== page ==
The 2012 EU Energy [R]evolution report, carried out for Greenpeace and the European Renewable Energy Council by the German National Centre for Aerospace, Energy and Transport Research, demonstrates how Europe would gain nearly half a million extra energy sector jobs by 2020 if it prioritises a system largely made up of renewables and energy efficiency over nuclear power and fossil fuels. Other benefits include long-term savings for consumers and improved climate stability.
The expert consensus is that a fundamental shift in the way we consume and generate energy must begin immediately and be well underway within the next ten years in order to avert the worst impacts of climate change. The scale of the challenge requires a complete transformation of the way we produce, consume and distribute energy, while maintaining economic growth.
The five key principles behind this Energy [R]evolution will be to:
• Implement renewable solutions, especially through decentralised energy systems and grid expansions
• Respect the natural limits of the environment
• Phase out dirty, unsustainable energy sources
• Create greater equity in the use of resources
• Decouple economic growth from the consumption of fossil fuels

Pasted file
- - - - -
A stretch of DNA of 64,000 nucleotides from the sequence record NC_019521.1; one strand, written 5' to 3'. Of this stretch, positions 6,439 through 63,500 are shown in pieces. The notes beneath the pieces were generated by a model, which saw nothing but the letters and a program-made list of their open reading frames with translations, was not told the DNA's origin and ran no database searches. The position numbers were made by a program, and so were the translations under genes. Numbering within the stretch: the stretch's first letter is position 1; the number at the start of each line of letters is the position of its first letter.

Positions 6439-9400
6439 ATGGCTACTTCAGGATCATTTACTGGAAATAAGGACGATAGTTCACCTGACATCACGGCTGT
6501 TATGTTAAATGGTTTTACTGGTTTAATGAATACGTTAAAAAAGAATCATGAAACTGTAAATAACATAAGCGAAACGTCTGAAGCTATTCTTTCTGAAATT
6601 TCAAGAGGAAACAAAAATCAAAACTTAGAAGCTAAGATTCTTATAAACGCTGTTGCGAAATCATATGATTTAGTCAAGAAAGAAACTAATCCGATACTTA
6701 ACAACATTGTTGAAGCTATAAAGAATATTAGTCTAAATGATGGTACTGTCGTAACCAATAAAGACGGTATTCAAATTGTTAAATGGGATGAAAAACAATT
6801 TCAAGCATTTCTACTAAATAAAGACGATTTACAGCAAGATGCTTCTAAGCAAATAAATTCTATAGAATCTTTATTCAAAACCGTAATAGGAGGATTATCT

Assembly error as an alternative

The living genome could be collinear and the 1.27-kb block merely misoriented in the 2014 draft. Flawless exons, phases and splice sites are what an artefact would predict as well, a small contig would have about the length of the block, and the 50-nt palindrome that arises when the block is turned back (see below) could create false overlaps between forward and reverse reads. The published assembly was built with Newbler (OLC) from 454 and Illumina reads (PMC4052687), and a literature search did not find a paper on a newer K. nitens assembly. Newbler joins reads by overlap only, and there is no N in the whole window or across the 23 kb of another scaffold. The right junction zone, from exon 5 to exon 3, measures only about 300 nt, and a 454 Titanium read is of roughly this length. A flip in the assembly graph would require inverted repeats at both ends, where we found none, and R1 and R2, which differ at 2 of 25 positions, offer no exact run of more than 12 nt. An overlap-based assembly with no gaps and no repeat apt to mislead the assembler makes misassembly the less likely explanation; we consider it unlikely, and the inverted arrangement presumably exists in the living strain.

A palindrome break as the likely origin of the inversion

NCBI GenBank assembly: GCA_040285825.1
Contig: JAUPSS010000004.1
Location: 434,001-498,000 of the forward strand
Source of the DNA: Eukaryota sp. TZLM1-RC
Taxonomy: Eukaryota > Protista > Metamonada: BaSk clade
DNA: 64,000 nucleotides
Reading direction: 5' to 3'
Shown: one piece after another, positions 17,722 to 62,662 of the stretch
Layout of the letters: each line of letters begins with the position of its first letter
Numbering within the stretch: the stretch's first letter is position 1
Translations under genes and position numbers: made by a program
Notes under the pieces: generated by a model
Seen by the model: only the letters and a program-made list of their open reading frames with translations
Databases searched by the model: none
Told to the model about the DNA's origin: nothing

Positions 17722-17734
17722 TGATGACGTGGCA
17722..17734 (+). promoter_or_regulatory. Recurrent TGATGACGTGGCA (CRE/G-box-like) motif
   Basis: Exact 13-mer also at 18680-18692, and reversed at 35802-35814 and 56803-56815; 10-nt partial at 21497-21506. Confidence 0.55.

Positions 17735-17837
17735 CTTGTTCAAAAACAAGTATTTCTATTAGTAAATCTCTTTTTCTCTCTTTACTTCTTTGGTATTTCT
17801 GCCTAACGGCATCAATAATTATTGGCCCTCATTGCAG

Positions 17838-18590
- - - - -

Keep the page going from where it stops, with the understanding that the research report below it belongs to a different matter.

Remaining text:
Decentralised energy systems, where power and heat are produced close to the point of final use, reduce grid loads and energy losses in distribution. Investments in 'climate infrastructure' such as smart interactive grids and transmission grids to transport large quantities of offshore wind and concentrated solar power are essential. Building up clusters of renewable micro grids, especially for people living in remote areas, will be a central tool in providing sustainable electricity to the almost two billion people around the world who currently do not have access to electricity.
The Reference scenario is based on the Current Policies scenarios published by the International Energy Agency (IEA) in World Energy Outlook 2011 (WEO 2011). It only takes existing international energy and environmental policies into account.
As the IEA's projections only extend to 2035, they have been extended by extrapolating their key macroeconomic and energy indicators forward to 2050. This provides a baseline for comparison with the Energy [R]evolution scenario.
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